Got home early last night - around midnight - early for these campaign days of putting in 12- and 16-hour days at headquarters. I work hard as a volunteer ... the local activists say I live at HQs. Not true ... but not far off....
My 19-year-old daughter was still awake when I walked in the door. She hugged me and we sat in the living room and talked and talked ... even teens need their mommies once in a while.
She understands my need to help in the political process. I got involved in politics in 1999 when she was 12 years old - the first BUSH campaign. She's lived with this for a long time. She sees my intensity. She learned American history, government, and politics from me - her home school teacher.
After 9/11 it became more intense. I felt an urgency, a need to do what I could to put the right leaders in position to protect my family and my country.
My daughter shares my love of America and, while not the political junkie I am, she understands my need to be involved. She sees my interest and love of politics ... but she also sees when I'm tired, beat down, feeling the attacks from the democrats....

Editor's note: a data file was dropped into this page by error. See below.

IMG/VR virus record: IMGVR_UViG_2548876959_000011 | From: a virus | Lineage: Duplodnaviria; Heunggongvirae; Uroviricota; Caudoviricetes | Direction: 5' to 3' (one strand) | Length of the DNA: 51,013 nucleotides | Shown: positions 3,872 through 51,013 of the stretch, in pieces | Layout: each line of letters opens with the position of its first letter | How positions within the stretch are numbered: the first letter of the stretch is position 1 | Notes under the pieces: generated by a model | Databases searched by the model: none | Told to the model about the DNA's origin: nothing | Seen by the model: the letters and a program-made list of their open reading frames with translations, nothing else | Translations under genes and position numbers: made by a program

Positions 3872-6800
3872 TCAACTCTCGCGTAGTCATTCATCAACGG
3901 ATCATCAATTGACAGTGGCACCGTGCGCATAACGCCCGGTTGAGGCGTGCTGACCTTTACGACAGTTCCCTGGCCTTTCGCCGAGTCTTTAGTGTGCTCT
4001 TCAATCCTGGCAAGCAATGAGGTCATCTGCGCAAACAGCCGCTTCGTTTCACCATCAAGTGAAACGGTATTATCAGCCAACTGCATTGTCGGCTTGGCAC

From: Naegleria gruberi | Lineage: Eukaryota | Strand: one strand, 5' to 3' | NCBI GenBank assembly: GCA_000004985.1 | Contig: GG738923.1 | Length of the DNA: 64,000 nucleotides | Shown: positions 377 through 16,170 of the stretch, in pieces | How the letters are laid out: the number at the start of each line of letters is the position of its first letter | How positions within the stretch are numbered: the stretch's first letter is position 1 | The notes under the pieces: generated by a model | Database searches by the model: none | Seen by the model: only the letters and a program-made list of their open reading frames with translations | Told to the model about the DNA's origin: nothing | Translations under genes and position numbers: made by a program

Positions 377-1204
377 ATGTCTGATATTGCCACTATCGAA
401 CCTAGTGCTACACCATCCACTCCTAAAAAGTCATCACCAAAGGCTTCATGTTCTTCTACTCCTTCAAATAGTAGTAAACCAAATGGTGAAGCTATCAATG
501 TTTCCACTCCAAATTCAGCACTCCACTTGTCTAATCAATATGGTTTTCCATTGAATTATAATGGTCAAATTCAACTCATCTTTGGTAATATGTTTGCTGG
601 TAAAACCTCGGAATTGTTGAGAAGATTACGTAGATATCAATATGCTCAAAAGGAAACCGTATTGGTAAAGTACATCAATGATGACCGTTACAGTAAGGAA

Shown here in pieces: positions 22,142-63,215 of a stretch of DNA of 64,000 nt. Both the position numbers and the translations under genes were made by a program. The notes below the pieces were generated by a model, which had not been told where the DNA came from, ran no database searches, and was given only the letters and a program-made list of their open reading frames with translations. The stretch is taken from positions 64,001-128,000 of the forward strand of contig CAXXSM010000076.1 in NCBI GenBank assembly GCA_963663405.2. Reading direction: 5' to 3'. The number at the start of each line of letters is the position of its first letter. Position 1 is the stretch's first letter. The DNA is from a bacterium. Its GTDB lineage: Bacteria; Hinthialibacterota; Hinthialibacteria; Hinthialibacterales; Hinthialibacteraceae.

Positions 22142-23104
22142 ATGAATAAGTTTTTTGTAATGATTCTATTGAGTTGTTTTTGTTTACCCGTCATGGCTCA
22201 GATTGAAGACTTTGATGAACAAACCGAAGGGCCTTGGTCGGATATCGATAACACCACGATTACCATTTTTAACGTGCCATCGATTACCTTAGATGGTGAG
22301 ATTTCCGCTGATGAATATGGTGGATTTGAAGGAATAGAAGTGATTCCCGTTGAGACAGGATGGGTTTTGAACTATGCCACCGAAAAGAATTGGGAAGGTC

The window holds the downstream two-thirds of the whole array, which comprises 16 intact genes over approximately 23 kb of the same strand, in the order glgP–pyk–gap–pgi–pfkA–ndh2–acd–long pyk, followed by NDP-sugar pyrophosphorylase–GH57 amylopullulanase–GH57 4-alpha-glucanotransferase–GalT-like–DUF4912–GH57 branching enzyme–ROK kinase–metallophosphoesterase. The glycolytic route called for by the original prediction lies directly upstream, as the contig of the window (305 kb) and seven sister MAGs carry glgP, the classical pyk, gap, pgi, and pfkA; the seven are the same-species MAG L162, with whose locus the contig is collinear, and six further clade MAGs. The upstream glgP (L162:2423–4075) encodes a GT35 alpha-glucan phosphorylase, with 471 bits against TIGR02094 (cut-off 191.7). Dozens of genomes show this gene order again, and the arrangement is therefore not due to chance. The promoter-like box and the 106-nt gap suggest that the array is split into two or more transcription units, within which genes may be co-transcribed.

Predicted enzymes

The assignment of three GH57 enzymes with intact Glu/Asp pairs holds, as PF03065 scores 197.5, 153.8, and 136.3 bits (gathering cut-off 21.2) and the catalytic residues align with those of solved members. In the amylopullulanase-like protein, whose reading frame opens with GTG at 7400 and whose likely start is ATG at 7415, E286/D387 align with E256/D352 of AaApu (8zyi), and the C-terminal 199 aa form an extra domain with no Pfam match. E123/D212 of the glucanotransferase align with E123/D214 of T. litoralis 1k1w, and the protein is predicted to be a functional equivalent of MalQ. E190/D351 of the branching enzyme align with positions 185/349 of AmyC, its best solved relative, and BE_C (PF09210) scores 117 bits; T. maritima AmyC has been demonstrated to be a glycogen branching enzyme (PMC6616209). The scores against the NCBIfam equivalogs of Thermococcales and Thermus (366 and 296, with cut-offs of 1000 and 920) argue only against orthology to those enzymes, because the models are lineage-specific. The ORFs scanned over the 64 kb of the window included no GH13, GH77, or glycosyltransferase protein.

We talked a long while about all sorts of things ... and then she put "The Lord of the Rings: The Two Towers," a movie I had not seen, in the DVD player. She fast-forwarded to one particular scene.
It brought tears to my eyes ... because it proved without a doubt that she got it. She understood what I was doing. She understood what I was going through.
She was showing me a scene between Frodo and Sam where Frodo feels he can't go on ... and Sam is explaining how and why they must go on. I hugged my daughter to me and told her it was exactly what I needed to see ... and somehow my sweet girl had known that.
Frodo: I can't do this, Sam.
Sam: I know. It's all wrong. By rights we shouldn't even be here. But we are. It's like in the great stories, Mr. Frodo. The ones that really mattered. Full of darkness and danger they were. And sometimes you didn't want to know the end. Because how could the end be happy? How could the world go back to the way it was when so much bad had happened? But in the end, it's only a passing thing, this shadow. Even darkness must pass. A new day will come. And when the sun shines it will shine out the clearer. Those were the stories that stayed with you. That meant something, even if you were too small to understand why. But I think, Mr. Frodo, I do understand. I know now. Folk in those stories had lots of chances of turning back only they didn't. They kept going because they were holding on to something.
Frodo: What are we holding on to, Sam?
Sam: There's some good in this world, Mr. Frodo. And it's worth fighting for.